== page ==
Although this will try to explain how typical litigation of Dissolution of Marriage (divorce) cases proceed, please understand that each case is unique. Therefore I ask you to see this as an overview and to discuss any aspect of your case which you feel is unique and requires additional discovery or highlighting with your counsel.
Starting the Case
There is no set means of initiating any divorce. In some instances you may just file a Petition for Dissolution of Marriage, have the other party served (handed the papers) by a sheriff or private process server and then they are required within twenty days to take some action with a written filing, Motion or pleading in the Court system.
If they do not, then we may default them which in some instances means they cannot defend their case. However in Dissolution case, the Court is more inclined to permit some testimony at trial from a defaulted party. Sometimes you may wish to mail the Petition and a Marital Settlement Agreement (MSA) to them and ask they respond to me or sign an Acceptance of Service thus avoiding being served which can come at an awkward or inconvenient time. We do not control when they are found or where so receiving the papers is out of our control under regular service.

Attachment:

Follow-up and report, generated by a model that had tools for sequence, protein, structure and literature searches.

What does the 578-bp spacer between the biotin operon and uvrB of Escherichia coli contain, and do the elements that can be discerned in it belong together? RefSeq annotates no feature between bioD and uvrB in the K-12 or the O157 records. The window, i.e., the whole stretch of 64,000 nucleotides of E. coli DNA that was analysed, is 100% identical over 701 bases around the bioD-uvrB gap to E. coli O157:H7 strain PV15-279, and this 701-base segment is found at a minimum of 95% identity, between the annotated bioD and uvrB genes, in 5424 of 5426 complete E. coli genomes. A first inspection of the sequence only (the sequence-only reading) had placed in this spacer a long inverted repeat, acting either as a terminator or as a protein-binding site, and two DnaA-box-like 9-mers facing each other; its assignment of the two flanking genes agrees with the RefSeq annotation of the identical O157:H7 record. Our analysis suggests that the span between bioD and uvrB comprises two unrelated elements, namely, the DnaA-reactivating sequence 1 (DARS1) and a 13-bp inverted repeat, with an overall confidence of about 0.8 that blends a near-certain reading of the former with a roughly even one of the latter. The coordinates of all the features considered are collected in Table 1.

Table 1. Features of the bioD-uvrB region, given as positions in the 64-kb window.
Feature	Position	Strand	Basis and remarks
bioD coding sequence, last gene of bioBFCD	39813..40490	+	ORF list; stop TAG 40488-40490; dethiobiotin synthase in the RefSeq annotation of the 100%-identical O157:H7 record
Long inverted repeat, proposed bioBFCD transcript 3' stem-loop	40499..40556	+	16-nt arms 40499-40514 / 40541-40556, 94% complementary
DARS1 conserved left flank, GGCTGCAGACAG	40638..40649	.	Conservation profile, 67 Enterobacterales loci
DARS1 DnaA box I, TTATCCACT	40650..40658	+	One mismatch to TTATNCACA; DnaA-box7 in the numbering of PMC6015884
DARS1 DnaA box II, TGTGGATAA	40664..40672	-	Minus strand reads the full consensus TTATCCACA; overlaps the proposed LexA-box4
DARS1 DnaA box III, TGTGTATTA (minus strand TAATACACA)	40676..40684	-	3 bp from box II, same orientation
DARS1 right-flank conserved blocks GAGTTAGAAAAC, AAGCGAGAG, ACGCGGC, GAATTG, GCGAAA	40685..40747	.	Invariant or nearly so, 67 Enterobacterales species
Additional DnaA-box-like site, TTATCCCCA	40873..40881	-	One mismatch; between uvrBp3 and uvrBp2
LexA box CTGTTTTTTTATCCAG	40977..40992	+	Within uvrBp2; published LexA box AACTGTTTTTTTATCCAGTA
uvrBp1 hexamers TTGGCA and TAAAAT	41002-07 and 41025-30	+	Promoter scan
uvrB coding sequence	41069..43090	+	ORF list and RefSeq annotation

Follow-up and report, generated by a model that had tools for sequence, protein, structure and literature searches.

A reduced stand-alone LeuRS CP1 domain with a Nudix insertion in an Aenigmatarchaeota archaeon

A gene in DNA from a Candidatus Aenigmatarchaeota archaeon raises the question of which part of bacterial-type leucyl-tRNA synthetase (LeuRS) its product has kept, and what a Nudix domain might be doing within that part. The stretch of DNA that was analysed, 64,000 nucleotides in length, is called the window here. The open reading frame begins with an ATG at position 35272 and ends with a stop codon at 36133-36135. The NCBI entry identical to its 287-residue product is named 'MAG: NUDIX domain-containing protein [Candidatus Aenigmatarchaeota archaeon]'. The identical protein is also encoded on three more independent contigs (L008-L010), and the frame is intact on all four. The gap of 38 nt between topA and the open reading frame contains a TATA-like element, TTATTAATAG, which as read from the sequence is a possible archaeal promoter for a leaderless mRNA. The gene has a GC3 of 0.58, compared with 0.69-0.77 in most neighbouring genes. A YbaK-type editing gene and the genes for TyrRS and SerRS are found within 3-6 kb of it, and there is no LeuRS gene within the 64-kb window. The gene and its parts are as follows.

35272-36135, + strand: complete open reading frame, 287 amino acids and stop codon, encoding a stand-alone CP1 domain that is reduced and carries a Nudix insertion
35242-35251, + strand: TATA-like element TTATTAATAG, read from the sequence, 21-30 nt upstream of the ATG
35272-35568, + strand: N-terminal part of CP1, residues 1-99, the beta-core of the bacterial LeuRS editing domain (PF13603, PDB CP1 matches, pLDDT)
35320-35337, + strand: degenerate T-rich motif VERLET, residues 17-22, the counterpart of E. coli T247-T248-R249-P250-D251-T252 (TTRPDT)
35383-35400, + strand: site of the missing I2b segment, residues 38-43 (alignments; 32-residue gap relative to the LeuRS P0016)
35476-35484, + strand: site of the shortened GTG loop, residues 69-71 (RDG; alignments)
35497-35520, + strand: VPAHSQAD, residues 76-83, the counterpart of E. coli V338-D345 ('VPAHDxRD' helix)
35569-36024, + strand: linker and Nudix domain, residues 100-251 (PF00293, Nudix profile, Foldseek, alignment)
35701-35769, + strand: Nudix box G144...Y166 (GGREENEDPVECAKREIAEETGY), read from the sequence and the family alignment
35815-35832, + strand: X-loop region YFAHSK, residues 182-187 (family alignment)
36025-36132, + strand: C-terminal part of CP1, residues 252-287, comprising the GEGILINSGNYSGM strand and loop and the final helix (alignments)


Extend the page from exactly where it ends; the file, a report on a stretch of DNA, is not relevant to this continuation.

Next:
The MSA is merely a contract between spouses. It can include child issues, alimony if appropriate and the equitable distribution of assets and liabilities. This is discussed below.
If they do respond to the Court either after service of the papers or through signing an Acceptance, then the case proceeds forward. This too can take many different tracks. Normally the parties are required to provide certain information known as “mandatory disclosure” or Rule 12.285. I attached a copy of the Certificate of Compliance with Mandatory Disclosure which must be filed within 45 days of service of the Petition or our Answer. The documents listed in the section entitled “For Initial, Supplemental and Permanent Financial Relief” must be copied and served on the other party within this 45 day time frame. I however ask that my clients provide all the applicable documentation to my office within 2 weeks so that my office may have time to review it and arrange to forward it to the other party. It is not sufficient to say the other party has this information and you are under a duty to get it within the time frame given. I also advise my clients to provide both a copy for me and one for the other side as my office charges 20 cents per page for copies. As always we try to suggest that clients take on as much as they can thus saving them money in what can be a very expensive process.